France, Louisiana to the United States: “Been There, Done That”

Jean-Marie Le Pen of the National Front

At least once every decade, somewhere in this world, there is an election between a scandal-plagued liberal and an equally scandal-plagued conservative.  There are two noteworthy case studies in which the circumstances were eerily identical, as were the outcomes.  You’d think we would have learned something from them, but yet, here we are, in the exact same spot we’ve been.

Louisiana has their gubernatorial elections in off-years.  The 1991 election would determine who would go to the governor’s mansion in 1992.  Buddy Roemer was the incumbent governor; he was a Democrat-turned-Republican former U.S. Representative who defeated then-incumbent governor Edwin Edwards in the 1987 election.  Though elected as a Democrat, he switched parties a few months prior to his re-election campaign.

Though Roemer had been modestly popular at the start of his tenure, public opinion eventually soured.  Some say that his approval ratings dropped after he vetoed an anti-abortion bill, alienating much of his socially conservative base.  But one of the primary reasons was due to his continued attacks on Marine Shale, a company which Roemer’s administration identified as a main source of environmental pollution within the state.  The company’s owner launched an all-out media campaign against Roemer.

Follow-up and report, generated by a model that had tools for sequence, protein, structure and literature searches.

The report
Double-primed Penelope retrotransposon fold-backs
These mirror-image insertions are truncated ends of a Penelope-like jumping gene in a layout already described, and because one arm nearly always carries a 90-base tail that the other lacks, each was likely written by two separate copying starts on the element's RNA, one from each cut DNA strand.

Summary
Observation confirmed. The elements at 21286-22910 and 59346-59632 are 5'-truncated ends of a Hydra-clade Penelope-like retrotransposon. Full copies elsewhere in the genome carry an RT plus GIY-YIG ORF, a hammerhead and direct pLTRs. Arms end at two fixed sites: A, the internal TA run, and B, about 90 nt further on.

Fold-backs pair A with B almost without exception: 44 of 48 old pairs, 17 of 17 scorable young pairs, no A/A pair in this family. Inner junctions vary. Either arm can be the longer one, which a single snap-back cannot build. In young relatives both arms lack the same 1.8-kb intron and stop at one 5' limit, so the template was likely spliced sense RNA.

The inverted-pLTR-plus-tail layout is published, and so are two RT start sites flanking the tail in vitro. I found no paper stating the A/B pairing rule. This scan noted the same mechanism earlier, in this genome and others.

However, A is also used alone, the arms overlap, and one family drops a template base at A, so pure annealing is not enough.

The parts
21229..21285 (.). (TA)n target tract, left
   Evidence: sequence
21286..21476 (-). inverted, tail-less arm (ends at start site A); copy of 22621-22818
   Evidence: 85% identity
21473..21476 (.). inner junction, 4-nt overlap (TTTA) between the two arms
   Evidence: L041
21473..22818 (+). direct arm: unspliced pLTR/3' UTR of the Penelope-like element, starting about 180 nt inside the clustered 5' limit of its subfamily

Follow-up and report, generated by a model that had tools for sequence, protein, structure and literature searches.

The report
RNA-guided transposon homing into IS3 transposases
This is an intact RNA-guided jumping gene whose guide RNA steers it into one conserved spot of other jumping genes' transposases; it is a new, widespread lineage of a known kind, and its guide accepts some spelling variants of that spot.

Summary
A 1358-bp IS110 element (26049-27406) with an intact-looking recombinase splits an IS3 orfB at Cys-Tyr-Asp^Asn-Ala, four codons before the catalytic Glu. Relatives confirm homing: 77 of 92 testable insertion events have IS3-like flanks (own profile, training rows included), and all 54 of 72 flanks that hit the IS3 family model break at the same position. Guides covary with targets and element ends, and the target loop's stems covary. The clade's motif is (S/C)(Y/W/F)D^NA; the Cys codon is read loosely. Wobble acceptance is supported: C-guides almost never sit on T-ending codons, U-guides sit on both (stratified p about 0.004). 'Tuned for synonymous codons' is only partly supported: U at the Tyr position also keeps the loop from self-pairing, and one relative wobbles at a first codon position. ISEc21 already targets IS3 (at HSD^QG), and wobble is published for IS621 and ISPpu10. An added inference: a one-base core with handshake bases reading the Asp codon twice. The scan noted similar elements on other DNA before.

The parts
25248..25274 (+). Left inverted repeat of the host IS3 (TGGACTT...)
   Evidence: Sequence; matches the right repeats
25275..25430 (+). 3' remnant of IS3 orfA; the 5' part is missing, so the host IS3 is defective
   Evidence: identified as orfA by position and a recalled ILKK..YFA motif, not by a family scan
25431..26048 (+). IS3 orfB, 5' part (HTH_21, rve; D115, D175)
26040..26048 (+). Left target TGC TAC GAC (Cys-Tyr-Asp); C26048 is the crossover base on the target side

Not helping was the fact that Louisiana has a jungle primary that allows anybody, regardless of political affiliation, to run for office.  If nobody wins more than 50% of the vote, the top two vote-getters move on to a runoff election, forcing people to choose between one of two candidates and effectively establishing a winner with more than 50% of the vote.  In 1991, former Democratic governor Edwin Edwards sought a rematch against Roemer.  Also running was Republican David Duke, a former Grand Wizard of the Ku Klux Klan.  Duke was a two-term state representative with an energetic base.  In the jungle primary, Edwards placed first with 34% of the vote.  Shockingly, Duke defeated Roemer, and placed second with 32% of the vote.  A runoff would occur between Edwards and Duke within a matter of weeks.

Local media often joked that the only way Edwards would win again in Louisiana was if he ran against Hitler.  These premonitions proved to be prophetic.  The Republican establishment repudiated Duke for his stances, and received no help from the national Republican Party.  Edwards was no saint, either.  He had been put on trial during his third term for fraud and racketeering charges of which he was eventually convicted. Voters were faced with a dilemma: choose between an embattled former governor or a state representative with a history of racism and bigotry.  “Vote the lizard, not the Wizard” became a infamous bumper sticker, reflecting the mood of the election.  Edwards vowed to serve only one term in response.

In the runoff campaign, Edwards defeated Duke in a landslide with Edwards receiving 61% of the vote, paralleling his earlier victories in 1975 and 1983.  In this instance, voters had to choose between the lesser of two evils.  Though Edwards was ridden with scandal, the voters had to make a choice with the whole world watching.